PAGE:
U. BUFFALO (US) — Scientists have taken a step toward a breakthrough in optical communications by slowing broadband light waves using a type of material called nanoplasmonic structures.
The ultimate goal, researchers say, is multiplexed, multiwavelength communications, where optical data can be tamed at different wavelengths, greatly increasing processing and transmission capacity.
If light could ever be stopped entirely, says Qiaoqiang Gan, assistant professor of electrical engineering at Univeristy at Buffalo, new possibilities would open up for data storage.
“At the moment, processing data with optical signals is limited by how quickly the signal can be interpreted,” he says. “If the signal can be slowed, more information could be processed without overloading the system.”
The research is published in the journal Proceedings of the National Academy of Sciences.
Gan and colleagues created the structures by making nanoscale grooves in metallic surfaces at different depths, which alters the materials’ optical properties.
The plasmonic chips provide the critical connection between nanoelectronics and photonics, Gan says, allowing different types of devices to be integrated, a prerequisite for realizing the potential of optical computing, “lab-on-a-chip” biosensors, and more efficient, thin-film photovoltaic materials.
The optical properties of the structures allow different wavelengths of light to be trapped at different positions, potentially allowing for optical data storage and enhanced nonlinear optics.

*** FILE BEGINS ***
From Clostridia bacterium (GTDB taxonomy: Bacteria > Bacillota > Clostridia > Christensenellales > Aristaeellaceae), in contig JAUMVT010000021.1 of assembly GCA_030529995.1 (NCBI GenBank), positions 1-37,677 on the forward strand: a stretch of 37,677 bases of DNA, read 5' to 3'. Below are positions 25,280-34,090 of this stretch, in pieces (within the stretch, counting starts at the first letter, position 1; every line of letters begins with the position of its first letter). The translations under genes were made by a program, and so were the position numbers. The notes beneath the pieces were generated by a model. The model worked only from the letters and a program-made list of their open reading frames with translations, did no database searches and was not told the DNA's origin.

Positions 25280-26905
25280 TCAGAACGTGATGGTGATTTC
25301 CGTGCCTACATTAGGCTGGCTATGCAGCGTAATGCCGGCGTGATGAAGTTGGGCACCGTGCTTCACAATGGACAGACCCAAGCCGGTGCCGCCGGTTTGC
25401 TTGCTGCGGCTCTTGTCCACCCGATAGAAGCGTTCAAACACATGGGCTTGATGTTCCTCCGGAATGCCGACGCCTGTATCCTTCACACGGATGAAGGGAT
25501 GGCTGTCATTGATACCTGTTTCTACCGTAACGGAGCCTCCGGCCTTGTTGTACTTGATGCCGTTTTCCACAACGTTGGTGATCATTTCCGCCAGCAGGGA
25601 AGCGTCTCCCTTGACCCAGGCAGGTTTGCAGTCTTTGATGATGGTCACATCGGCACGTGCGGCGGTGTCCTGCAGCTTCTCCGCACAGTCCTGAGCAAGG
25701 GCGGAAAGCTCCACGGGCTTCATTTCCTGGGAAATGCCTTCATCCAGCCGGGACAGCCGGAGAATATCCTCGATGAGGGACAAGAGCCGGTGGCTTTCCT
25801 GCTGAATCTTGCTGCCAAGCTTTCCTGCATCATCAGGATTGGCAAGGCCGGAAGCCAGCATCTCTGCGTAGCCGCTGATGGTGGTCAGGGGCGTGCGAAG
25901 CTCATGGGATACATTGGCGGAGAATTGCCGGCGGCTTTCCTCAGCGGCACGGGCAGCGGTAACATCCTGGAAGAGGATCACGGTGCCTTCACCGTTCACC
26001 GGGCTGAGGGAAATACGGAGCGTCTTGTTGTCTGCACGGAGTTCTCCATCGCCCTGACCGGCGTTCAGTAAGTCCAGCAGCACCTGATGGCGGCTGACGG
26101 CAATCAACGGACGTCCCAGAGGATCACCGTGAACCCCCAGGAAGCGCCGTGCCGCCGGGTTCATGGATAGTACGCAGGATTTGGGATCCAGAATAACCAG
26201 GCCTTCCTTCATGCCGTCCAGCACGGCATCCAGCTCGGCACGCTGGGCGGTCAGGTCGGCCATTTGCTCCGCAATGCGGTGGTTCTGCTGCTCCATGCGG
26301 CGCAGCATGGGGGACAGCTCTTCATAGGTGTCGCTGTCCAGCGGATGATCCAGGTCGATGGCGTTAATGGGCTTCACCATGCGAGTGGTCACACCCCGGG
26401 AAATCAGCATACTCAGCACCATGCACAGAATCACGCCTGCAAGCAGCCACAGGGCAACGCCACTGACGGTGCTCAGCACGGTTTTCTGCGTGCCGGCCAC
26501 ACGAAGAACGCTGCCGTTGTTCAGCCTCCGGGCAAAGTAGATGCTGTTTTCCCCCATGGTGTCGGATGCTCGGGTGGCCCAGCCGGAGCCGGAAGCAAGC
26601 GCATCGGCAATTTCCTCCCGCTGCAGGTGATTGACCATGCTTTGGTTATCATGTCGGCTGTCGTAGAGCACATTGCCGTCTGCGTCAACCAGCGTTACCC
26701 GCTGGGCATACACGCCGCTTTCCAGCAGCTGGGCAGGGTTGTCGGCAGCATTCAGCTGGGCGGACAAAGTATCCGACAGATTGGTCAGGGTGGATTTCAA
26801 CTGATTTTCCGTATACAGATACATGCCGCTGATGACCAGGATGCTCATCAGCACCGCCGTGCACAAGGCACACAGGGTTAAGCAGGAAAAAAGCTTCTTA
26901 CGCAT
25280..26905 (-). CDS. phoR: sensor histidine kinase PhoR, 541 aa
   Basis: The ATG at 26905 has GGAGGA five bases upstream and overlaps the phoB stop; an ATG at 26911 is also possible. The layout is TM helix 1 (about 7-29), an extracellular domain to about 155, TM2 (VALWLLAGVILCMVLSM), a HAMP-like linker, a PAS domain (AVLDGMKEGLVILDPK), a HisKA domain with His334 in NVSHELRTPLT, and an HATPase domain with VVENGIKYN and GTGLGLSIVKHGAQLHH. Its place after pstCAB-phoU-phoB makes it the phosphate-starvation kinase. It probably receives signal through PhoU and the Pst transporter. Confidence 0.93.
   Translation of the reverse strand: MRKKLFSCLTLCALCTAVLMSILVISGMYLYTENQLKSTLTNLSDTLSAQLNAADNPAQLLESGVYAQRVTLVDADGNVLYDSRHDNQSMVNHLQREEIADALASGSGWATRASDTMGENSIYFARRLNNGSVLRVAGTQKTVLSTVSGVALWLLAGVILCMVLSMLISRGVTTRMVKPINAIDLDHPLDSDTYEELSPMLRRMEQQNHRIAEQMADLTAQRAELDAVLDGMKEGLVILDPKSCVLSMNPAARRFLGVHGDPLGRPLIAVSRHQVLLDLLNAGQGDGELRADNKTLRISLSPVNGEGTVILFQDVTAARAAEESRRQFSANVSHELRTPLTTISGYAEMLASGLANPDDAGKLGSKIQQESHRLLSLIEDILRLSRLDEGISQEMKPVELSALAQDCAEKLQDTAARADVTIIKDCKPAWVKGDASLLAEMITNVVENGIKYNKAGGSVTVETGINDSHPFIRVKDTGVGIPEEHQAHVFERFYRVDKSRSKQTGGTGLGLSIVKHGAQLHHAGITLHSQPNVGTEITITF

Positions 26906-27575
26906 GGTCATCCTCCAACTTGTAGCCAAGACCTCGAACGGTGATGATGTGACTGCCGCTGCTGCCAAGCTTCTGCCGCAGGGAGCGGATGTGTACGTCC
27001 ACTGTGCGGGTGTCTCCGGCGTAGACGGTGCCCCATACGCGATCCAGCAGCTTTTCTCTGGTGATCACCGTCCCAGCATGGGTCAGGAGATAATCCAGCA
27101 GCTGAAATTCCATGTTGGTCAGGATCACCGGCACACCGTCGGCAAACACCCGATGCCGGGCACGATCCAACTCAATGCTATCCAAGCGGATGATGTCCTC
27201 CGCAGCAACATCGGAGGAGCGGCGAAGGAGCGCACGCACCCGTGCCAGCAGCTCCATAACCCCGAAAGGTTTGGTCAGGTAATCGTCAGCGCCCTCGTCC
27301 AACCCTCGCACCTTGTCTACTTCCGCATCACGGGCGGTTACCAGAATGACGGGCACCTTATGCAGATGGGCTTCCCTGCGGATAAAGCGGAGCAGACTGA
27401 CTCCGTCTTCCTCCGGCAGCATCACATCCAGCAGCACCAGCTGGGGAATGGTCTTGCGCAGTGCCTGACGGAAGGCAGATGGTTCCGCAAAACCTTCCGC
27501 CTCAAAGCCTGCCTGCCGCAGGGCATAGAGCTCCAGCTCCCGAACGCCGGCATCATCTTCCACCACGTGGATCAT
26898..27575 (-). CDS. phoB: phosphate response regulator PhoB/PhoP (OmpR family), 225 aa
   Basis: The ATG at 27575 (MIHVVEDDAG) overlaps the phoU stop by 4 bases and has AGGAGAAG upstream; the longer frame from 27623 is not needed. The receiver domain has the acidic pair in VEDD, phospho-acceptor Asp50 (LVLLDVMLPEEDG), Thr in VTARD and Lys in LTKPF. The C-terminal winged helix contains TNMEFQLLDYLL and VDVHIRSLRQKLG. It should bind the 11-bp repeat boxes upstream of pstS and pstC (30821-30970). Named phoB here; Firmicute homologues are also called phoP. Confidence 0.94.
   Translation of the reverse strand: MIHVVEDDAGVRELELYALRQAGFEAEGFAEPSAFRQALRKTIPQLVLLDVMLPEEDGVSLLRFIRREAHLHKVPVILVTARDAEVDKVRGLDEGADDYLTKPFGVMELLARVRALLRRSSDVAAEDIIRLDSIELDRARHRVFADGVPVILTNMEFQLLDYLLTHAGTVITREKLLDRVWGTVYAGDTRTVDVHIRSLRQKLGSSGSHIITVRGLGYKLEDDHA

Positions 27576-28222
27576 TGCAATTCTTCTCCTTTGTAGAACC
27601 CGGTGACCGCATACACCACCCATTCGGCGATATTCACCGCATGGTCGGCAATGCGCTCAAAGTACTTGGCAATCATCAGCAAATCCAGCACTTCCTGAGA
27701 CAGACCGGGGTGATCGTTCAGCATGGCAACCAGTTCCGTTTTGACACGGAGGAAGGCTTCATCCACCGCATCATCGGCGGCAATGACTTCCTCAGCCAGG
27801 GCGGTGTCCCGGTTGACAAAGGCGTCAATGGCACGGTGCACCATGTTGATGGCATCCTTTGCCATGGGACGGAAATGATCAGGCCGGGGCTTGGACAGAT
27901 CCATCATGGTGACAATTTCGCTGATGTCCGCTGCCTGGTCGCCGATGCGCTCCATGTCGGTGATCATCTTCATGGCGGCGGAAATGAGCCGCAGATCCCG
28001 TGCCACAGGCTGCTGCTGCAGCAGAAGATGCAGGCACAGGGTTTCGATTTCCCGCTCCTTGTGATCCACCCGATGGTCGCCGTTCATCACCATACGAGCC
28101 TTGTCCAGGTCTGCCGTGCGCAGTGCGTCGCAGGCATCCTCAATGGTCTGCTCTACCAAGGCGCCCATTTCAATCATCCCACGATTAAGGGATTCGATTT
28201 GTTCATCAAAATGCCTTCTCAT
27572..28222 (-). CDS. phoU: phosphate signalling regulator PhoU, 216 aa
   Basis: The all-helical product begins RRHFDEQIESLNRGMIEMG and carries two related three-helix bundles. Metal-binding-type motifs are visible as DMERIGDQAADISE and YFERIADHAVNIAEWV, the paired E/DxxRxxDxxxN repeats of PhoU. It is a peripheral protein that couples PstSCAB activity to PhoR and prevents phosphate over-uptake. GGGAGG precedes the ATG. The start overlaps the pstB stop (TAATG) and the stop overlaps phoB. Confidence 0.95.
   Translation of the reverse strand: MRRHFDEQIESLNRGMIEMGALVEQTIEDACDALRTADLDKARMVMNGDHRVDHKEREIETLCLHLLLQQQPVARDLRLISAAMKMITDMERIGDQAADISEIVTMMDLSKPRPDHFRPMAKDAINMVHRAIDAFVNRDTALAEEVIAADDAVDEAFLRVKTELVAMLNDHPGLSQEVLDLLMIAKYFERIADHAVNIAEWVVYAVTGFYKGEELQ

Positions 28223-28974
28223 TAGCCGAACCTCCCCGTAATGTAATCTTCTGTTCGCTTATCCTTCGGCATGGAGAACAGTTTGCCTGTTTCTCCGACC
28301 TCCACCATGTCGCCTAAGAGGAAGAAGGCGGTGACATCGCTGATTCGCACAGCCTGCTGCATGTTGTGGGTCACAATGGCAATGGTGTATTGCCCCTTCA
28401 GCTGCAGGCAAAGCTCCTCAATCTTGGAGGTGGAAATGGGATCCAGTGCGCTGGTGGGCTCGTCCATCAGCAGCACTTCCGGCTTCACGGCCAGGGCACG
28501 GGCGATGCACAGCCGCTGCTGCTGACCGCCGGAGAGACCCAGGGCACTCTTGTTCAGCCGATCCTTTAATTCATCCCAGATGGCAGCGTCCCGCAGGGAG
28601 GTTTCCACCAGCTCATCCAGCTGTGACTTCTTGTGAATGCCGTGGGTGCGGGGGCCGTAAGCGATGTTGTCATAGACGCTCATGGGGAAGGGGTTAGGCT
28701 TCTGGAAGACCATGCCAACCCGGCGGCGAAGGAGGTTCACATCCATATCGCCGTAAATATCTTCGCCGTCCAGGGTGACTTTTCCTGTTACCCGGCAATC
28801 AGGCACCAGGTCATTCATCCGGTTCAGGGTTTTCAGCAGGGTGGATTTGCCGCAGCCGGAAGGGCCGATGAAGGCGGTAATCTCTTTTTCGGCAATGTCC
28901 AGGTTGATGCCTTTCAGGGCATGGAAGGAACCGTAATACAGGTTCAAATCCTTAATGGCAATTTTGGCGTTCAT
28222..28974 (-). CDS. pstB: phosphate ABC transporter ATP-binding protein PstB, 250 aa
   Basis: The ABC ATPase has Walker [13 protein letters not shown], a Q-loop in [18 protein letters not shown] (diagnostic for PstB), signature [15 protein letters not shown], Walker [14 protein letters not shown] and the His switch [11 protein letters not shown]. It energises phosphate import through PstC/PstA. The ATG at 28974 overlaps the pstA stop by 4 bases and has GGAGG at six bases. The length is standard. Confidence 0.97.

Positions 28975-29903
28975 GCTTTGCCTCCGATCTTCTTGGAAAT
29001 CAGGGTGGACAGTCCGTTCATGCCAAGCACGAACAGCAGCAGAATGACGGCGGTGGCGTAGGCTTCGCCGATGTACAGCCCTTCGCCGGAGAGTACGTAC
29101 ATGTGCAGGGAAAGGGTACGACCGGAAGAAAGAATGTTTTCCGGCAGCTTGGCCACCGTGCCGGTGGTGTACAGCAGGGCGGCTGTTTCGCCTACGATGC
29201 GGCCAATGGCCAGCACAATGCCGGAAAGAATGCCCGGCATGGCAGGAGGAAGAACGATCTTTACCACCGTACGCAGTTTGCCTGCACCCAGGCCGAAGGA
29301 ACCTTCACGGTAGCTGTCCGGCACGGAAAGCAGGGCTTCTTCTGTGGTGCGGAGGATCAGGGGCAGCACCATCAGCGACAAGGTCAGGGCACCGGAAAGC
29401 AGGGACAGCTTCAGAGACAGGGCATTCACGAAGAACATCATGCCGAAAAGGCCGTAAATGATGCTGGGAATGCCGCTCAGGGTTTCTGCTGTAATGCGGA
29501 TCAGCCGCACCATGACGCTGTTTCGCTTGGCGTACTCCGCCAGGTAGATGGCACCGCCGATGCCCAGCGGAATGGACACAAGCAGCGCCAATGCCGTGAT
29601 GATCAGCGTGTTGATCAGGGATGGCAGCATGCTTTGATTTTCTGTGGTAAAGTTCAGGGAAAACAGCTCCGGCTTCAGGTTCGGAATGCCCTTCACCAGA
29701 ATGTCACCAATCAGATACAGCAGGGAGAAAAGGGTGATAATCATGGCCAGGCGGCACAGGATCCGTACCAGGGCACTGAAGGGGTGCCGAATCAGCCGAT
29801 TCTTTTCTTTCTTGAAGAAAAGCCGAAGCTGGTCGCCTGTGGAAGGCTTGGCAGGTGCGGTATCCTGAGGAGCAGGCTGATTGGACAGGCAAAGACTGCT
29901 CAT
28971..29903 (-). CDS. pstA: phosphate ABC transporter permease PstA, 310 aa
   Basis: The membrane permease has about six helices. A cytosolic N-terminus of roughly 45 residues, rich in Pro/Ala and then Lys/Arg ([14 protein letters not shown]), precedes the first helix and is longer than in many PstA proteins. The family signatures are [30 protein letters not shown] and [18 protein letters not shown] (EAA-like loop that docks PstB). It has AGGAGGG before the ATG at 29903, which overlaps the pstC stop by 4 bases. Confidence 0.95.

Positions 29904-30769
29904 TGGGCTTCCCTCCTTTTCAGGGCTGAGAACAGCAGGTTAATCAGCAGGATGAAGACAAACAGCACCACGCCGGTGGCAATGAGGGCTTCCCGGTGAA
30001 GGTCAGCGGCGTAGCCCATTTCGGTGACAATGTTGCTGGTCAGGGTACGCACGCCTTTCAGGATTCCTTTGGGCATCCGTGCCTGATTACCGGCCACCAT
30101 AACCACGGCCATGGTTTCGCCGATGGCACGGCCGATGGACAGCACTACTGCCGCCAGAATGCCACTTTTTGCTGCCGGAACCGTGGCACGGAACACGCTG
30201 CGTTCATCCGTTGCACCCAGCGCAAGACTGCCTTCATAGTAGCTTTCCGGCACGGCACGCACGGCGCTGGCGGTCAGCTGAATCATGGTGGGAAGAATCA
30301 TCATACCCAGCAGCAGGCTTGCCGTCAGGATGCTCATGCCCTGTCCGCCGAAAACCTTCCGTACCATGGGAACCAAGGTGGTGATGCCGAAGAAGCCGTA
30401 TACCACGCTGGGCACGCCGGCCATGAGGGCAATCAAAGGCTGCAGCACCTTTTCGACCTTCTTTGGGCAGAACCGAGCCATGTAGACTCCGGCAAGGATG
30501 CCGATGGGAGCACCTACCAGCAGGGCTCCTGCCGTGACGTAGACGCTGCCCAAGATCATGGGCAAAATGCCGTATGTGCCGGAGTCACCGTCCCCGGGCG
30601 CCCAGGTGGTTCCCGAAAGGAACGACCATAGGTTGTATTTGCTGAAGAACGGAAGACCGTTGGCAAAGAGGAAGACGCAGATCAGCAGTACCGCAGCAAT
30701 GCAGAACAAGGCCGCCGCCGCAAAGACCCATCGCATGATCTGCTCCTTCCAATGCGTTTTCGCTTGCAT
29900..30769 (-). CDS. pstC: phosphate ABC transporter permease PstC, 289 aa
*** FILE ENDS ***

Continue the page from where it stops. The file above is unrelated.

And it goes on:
Light is slowed down so much that researchers are able to trap multiple wavelengths of light on a single chip, compared to conventional methods can only trap a single wavelength in a narrow band.
“Light is usually very fast, but the structures I created can slow broadband light significantly,” says Gan. “It’s as though I can hold the light in my hand.”
Because the nanoplasmonic structures can trap very slow resonances of light, they can do so at room temperature, instead of at the ultracold temperatures that are required in conventional slow-light technologies.
“In the PNAS paper, we showed that we trapped red to green,” explains Gan. “Now we are working on trapping a broader wavelength, from red to blue. We want to trap the entire rainbow.
“This ultrafast light source will allow us to measure experimentally just how slow is the light that we have trapped in our nanoplasmonic structures,” Gan explains.
“Once we know that, we will be able to demonstrate our capability to manipulate light through experiments and optimize the structure to slow the light further.”
Researchers from Lehigh University contributed to the study.
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